Mr Smyth: But that is the only mechanism that we have at the minute.
Mr McGlone: Yes, that is what you have; but it is a tidying-up exercise there to face the reality of the situations that you are meeting. I am interested in your views and professional opinions on those points from the earlier question, please.
Mr Murray: I will talk about the process first of all, and then Alan will talk about the victims end of it, because that falls within his remit. As Alan has said, and just to make it clear, we have not yet put operational guidance out as to how these articles would be implemented. That would be rather presumptuous. We have not really given it thought. However, the issue would fall to the offender management units, as they do in so many areas of work, whether it is to do with compassionate temporary release, resettlement leave or temporary release through the home leave board. There are processes and procedures in place for risk-assessing prisoners. We will look at a prisoner's criminal history, history in custody, background and circumstances and what we call his assessment, case management and evaluation (ACE) risk assessment score, which is the risk assessment tool that we use in relation to the dangers of reoffending or dangerousness. We take all those into account. You are right in saying that one other factor is the victim, particularly registered victims.
Mr Smyth: For the vast majority of victims registered with our scheme, the perpetrators of crimes against them are those who have received an ICS, ECS or life sentences, and they would not fall under the terms of article 19 in any case. However, we do take victims' reps into account when we are looking at licensing conditions, and the impact on the victim is a factor in coming to a decision on whether to release someone. If concerns are such that the person has to be seen to be serving out their time, it may mean that we do not apply article 19.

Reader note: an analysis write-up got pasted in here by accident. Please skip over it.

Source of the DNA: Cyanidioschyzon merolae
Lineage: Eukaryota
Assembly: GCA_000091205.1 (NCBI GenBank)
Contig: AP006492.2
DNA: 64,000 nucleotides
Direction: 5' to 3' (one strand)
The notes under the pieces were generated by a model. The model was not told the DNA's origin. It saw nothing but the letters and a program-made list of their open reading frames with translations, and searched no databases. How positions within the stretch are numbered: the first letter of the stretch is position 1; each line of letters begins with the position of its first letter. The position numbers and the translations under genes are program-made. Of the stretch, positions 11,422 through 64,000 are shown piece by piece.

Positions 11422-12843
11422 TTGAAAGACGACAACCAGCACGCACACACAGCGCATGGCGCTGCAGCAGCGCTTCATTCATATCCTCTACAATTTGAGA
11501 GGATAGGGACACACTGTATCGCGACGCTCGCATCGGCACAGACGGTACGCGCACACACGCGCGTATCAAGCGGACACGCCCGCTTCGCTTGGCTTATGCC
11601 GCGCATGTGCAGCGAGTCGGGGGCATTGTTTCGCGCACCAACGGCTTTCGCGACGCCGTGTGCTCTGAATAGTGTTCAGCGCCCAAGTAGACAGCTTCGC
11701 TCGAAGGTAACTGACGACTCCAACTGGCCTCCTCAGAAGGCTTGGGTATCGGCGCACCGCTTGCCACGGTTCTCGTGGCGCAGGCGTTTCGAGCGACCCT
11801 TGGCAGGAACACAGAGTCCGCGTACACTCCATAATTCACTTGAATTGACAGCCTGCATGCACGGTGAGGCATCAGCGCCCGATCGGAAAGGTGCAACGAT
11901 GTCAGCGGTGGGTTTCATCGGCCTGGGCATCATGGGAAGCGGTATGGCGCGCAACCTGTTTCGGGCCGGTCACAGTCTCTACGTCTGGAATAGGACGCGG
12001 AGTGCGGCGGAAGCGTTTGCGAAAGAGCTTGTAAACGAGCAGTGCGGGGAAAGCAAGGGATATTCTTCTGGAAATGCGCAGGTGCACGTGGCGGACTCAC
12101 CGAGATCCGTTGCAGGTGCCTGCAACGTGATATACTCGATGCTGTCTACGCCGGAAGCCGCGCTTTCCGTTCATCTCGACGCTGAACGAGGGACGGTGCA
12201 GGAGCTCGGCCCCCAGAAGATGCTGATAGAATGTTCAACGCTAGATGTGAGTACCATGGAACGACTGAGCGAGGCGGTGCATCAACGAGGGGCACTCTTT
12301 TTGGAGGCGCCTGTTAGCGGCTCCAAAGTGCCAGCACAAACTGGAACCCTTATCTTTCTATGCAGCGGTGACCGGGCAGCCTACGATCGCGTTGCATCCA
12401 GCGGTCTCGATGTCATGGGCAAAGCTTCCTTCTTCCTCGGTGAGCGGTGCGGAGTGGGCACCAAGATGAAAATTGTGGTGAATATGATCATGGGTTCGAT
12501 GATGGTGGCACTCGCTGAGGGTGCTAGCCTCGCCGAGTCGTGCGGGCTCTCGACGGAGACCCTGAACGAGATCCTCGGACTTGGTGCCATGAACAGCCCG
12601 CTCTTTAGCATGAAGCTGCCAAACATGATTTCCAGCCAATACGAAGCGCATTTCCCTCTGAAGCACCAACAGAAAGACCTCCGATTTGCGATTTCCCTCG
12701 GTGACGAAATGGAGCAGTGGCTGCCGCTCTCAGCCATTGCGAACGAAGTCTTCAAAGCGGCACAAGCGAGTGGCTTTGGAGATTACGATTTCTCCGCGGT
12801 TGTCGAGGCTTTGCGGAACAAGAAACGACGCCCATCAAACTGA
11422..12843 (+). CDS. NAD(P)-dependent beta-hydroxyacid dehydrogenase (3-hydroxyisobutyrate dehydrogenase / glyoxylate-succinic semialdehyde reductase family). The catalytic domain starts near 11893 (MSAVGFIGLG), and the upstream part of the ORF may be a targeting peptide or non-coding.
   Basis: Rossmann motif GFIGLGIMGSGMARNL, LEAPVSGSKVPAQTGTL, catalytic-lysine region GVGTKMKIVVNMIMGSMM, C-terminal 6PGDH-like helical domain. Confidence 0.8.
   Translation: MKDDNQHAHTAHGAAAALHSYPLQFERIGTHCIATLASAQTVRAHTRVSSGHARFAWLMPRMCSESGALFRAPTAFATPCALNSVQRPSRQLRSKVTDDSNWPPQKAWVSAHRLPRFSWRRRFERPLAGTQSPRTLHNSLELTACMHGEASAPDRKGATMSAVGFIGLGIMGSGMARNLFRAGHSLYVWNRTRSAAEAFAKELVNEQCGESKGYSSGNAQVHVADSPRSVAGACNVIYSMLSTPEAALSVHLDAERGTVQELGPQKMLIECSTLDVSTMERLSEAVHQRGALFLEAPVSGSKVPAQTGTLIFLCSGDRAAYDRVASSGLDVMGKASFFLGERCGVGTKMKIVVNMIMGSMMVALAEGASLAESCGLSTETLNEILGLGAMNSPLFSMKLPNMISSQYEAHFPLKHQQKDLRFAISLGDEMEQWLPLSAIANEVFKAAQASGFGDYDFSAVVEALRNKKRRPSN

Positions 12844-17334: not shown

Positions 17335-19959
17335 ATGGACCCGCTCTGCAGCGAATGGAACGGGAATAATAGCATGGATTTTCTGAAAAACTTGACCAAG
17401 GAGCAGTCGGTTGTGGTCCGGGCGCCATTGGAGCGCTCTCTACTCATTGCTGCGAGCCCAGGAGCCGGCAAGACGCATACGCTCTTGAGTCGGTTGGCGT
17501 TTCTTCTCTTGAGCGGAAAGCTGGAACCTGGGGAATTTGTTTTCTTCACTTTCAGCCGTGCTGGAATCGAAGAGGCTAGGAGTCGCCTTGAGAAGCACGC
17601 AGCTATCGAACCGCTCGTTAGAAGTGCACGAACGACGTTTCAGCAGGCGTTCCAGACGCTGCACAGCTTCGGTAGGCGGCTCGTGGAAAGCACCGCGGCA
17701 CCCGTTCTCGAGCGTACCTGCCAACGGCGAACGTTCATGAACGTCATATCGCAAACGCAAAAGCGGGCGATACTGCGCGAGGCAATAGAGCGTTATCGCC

Mr McGlone: The other point is about the types of crimes for which people have been convicted. Have you noticed a change in that? You know, the point that I was making there about the recession.
Mr Smyth: This is not scientific, but I spend a lot of my time at panel hearings which set licensing conditions. A lot of them are for drug offences, violence against the person and domestic violence. The drug-related crimes are purely for profiteering purposes. It is not using, it is pushing and selling.
Mr McGlone: Thank you very much for that.
Mr McCartney: This is just an observation. It can assist with good behaviour and it has a wider impact, but it can be undermined a bit. At present, how many people are in the system for fine default for TV licences?
Mr Murray: It is usually about 20 to 25 in any one day.
Mr McCartney: So you have been through all this, maybe like in inverted commas, "pain", yet we have people in the system, clogging up cells for something like that. I do not say that no victim is involved, because it is obviously —
Mr Murray: The Committee is aware that a pilot study is ongoing in Newry at the moment on supervised activity hours in the community. So our intention is to work to a position where fine defaulters do not come into custody.
Mr McCartney: You can see where the argument leads. We are overcrowded, yet the system with TV licences is nearly —
Mr Murray: We are working at a pace to try to deal with that. We are the first to say that fine defaulters should not be in custody if there is a reasonable alternative.
The Chairperson: Thank you very much.
Mr Murray: Thank you.